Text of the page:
China’s economy is growing at a “reasonable” pace and, despite growing pressures, the government can handle well the risks the country now faces, Chinese Premier Li Keqiang said at the weekend.
The premier, in remarks published late on Saturday after a special cabinet meeting, said China is continuing to steadily manage its economy.
Li said international market instability “has increased the uncertainties around the global economic recovery, and the impact on China’s financial market and imports and exports has also deepened, with the economy facing new pressure.”
He defended China’s efforts to steer through a volatile period since mid-June, when China’s stock market plunged. On Friday, Shanghai’s benchmark index was nearly 38% below where it was on June 12.
The premier reiterated earlier remarks that there’s no basis for continued depreciation of the yuan following its devaluation on August 11.
The yuan “will stay basically stable at a reasonable and balanced level,” he said.
Li said recent cuts in the reserve requirement ratio (RRR), interest rates, taxes and fees and measures aimed at stabilising the market were already paying off.
Analysts say that further measures are necessary to support the economy and calm markets.
China’s economy, which in the past produced double-digit growth, is slowing. The government reported that annual growth in the second quarter was 7%, a figure that some economists doubt.
Li said China would “enact more targeted and responsive macro-regulation to offset downward economic pressure, more robust reform and innovation efforts to energise the market, and more effective delivery to secure the positive momentum for growth”.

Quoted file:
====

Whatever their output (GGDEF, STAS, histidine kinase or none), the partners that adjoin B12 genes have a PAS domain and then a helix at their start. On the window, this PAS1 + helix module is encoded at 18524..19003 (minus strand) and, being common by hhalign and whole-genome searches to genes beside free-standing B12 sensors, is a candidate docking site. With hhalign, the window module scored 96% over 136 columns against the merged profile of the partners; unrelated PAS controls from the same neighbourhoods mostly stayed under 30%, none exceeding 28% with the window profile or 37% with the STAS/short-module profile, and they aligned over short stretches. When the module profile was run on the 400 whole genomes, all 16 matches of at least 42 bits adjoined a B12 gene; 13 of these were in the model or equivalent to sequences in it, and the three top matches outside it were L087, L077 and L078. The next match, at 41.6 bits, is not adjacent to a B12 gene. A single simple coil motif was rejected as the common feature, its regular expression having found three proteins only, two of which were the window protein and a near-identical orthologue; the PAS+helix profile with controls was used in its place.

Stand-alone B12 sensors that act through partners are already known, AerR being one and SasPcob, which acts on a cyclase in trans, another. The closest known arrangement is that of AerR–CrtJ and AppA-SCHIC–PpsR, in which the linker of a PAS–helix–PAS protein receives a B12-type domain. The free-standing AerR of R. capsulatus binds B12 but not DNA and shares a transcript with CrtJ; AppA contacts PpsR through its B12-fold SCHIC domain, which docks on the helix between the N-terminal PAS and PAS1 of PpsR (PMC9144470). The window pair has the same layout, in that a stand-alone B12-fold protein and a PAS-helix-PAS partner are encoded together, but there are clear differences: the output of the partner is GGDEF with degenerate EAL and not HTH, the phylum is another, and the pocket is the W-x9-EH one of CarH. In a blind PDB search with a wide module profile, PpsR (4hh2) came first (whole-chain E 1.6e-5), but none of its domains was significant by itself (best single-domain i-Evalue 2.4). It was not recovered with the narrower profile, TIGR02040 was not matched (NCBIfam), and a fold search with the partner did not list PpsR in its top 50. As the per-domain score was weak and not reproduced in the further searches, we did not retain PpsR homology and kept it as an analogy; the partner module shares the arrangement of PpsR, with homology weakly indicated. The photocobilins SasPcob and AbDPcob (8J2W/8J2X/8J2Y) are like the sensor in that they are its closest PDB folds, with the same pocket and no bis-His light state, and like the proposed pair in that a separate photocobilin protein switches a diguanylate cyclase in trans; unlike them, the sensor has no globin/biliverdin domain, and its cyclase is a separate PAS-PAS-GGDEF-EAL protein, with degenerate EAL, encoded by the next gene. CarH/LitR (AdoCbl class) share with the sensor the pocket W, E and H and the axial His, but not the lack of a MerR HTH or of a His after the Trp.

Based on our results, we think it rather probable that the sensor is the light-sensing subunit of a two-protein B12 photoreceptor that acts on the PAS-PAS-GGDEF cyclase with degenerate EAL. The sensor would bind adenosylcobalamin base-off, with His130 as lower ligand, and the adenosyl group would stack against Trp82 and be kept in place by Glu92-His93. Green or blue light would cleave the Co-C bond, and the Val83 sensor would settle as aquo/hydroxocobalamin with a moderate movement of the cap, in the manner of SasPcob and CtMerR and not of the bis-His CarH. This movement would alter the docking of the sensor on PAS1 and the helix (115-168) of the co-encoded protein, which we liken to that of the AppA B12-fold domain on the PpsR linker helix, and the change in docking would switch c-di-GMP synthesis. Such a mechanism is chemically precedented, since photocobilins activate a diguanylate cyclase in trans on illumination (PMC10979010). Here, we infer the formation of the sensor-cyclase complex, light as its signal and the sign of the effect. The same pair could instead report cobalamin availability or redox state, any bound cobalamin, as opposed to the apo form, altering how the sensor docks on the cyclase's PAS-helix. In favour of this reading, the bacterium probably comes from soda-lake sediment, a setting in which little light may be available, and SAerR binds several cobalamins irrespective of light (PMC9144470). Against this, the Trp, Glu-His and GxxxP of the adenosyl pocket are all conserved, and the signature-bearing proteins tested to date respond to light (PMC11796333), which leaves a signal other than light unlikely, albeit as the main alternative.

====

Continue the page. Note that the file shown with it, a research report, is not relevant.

He said China needed to encourage new forms of investment and financing by local governments and businesses, such as local debt swaps and corporate bonds.
He reiterated the role of an open, transparent capital market, but said risk management needs to be improved to prevent regional or systemic risks.
“China has great potential for further development and is well capable of effectively managing risks and keeping them under control,” Li said.
Meanwhile, just under half of British manufacturers have said they are worried by the possibility of a sharp slowdown in China’s economy and one in ten are reviewing their business plans, a survey from an industry group showed yesterday.
EEF said 47% of manufacturers were concerned by signs of a slowdown in China, which have rocked financial markets over the past week. Big manufacturing firms were most likely to be worried, and also more likely to be looking at their business plans to take into account different scenarios, the survey showed.
“Overall, UK factories send only a small proportion of their goods to Chinese customers, but a sharper slowdown would also see a halt to growth in export sales through supply chains in Europe,” said Lee Hopley, EEF chief economist.
“The more widespread impact, at least in the near-term, is likely to be the knock to already delicate confidence levels.
Time will tell whether this takes a further toll on growth across the sector.”
The survey of 284 companies also showed just over a fifth of manufacturers were still worried about a re-escalation of Greece’s crisis.
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